Snagit 2.0 for Mac adds video capture, sharing

Your Mac comes with some handy options for taking a quick screen grab, but sometimes you need a bit more. Most Mac users will recognize the Command-Shift-3 keystroke to take a screenshot of the whole screen or Command-Shift-4 to capture a selected area of your screen. But often you'll want to tell a story with that screenshot, and that's where popular image capture app Snagit comes in.

Snagit for Mac just had a major upgrade to version 2.0, and while it still hasn't reached feature parity with the Windows version, it's clear the folks at … Read more

Simple but not oversimplified

What began as a freeware project to easily share basic screen captures and screen recordings has grown into a solid application and capture distribution system with a premium component. Jing's attractive application takes a sound, simple approach to capturing; begin by dragging the crosshairs to define your capture field and then take a still or start a recording. When you're done, save it to your computer or upload it to (operated by Jing's publisher), an FTP site, Flickr, or YouTube (for a premium). If you've got Snagit or Camtasia Studio, TechSmith's premium programs … Read more

TechSmith's screencast service Jing goes pro

On Tuesday, TechSmith released Jing Pro, a paid premium version of its free screen capture and casting software. The new service, which runs $14.95 a year, upgrades videos to H.264 encoding, takes off the Jing watermark in the bottom corner of recorded clips, and gives users the option to upload directly to several popular video hosting sites including Facebook, YouTube, Viddler, and Vimeo.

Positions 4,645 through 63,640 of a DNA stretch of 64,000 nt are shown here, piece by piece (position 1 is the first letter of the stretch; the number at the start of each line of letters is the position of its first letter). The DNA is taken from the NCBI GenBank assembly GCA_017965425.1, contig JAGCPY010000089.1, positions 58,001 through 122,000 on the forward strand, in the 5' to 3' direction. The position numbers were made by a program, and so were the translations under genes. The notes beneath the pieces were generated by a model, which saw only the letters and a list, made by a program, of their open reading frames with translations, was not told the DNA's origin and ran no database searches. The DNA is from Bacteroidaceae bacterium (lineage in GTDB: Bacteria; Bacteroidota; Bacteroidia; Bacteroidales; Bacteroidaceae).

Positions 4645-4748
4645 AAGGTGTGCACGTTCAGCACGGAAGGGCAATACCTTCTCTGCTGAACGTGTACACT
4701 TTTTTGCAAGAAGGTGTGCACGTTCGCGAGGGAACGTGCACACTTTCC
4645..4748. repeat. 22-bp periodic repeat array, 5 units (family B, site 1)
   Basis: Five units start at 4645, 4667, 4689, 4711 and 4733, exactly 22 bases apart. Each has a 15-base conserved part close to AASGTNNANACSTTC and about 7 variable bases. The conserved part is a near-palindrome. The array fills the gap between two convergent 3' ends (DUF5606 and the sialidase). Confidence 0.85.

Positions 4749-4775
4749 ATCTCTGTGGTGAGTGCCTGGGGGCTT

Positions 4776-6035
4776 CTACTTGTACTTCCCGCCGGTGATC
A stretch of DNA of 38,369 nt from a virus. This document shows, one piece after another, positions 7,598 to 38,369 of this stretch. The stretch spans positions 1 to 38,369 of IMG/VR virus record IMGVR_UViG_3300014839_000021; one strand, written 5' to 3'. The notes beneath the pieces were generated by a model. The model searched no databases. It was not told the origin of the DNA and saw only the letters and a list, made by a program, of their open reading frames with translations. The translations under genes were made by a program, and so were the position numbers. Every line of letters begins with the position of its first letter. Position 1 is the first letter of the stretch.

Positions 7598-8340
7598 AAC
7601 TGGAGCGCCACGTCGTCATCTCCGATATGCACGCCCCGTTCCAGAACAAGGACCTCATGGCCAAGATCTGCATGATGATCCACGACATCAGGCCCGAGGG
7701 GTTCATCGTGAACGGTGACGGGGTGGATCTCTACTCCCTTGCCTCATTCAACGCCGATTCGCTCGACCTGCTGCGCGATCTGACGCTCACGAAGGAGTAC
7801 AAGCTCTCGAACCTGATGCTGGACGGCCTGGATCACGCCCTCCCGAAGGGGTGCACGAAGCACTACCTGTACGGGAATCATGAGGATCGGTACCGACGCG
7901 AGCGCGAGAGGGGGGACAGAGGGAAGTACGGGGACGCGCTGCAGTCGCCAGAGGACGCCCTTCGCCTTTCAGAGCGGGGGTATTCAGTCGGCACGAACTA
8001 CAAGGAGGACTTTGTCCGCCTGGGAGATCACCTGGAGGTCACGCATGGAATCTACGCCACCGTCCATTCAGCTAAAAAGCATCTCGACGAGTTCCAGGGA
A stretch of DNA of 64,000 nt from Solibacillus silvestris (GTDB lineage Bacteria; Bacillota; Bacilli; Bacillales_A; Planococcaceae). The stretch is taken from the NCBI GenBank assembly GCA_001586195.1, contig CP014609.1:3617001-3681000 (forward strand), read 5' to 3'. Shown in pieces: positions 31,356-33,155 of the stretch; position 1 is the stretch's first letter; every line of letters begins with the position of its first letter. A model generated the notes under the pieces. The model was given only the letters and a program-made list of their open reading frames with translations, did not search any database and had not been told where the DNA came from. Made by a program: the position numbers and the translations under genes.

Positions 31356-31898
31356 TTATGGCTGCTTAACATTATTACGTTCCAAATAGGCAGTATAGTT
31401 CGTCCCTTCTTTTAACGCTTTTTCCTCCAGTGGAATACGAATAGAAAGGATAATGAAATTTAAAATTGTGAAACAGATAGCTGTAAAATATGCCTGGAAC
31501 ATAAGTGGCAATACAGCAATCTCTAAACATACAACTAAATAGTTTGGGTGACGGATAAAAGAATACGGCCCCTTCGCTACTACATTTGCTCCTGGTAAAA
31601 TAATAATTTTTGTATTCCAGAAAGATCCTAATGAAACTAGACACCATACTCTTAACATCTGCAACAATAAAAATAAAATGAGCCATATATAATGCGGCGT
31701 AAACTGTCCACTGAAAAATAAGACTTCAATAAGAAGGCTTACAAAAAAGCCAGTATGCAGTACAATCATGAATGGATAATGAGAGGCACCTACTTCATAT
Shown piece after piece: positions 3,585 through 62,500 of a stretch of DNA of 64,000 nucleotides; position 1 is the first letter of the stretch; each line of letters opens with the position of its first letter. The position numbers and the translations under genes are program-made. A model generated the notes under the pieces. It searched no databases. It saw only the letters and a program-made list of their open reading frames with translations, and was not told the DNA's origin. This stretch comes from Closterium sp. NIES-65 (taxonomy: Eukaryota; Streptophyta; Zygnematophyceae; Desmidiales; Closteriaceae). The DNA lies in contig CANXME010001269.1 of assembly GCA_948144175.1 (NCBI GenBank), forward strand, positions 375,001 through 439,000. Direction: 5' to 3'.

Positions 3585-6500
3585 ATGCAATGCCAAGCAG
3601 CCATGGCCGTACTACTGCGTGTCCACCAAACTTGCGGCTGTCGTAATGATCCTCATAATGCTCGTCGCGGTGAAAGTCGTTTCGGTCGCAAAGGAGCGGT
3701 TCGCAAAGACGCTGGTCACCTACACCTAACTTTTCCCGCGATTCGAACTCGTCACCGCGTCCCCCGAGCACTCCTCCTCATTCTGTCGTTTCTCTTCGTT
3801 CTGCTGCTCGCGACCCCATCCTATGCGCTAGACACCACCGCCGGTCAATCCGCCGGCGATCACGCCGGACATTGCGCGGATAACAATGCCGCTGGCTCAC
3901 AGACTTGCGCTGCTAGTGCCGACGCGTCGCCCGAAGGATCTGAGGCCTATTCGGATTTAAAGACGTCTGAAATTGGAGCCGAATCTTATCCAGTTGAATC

Of the news, one of the biggest changes is the move to the MPEG-4 AVC video format. It's the go-to format for iPods and iPhones, as well as set-top boxes like the Apple TV … Read more

Always-on screen capture

The straightforward, sunny Jing Project is one of the easiest ways to grab and share screenshots and videos straight from your PC. The interface, half a lemon yellow sphere, sits at the top of your screen, waiting for you to hover over it to begin capturing the image or screencast in a crosshair.

You'll be able to annotating images and review videos, but copying, saving, and sharing them is what Jing is really about. Version 2.0 adds a useful Help Center and lets you configure new buttons that will upload your creations to Flickr, an FTP account, or … Read more

uTipu's new screencasting tool takes on TechSmith's Jing Project

Screencasting is not for everyone. Most of the options out there are fairly full featured, but it's hard to find a good, free solution that can do as much as some of the pricey professional tools such as TechSmith's Camtasia Studio (download) or Adobe's Captivate (download). A new service that launched this week called uTipu (download TipCam for Windows) is stepping into the ring and offering up a Windows-only (for now) one-stop screencasting service that combines both a software tool to grab your onscreen action, along with an uploader that will send it off to uTipu's server farm for YouTube-like Web hosting. The hope is that anyone who wants to make a screencast or two will be able to download the app and get going without too much of a hassle, similar to what TechSmith's been up to with its Jing Project (download for Windows or Mac).

Like other software-based screencasting tools, uTipu's got a few tricks to get your screencasts looking right. You can set it to record your entire screen, or just a small section. It can also follow your cursor, and highlight what you're doing with a little translucent yellow circle. There are recording controls to pause and stop the action, as well as an annotation shortcut in case you feel like drawing on the screen John Madden-style. For audio and voiceovers, there's no post-production workspace, so you have to record your narration at the same time as the video and hope you don't make any mistakes.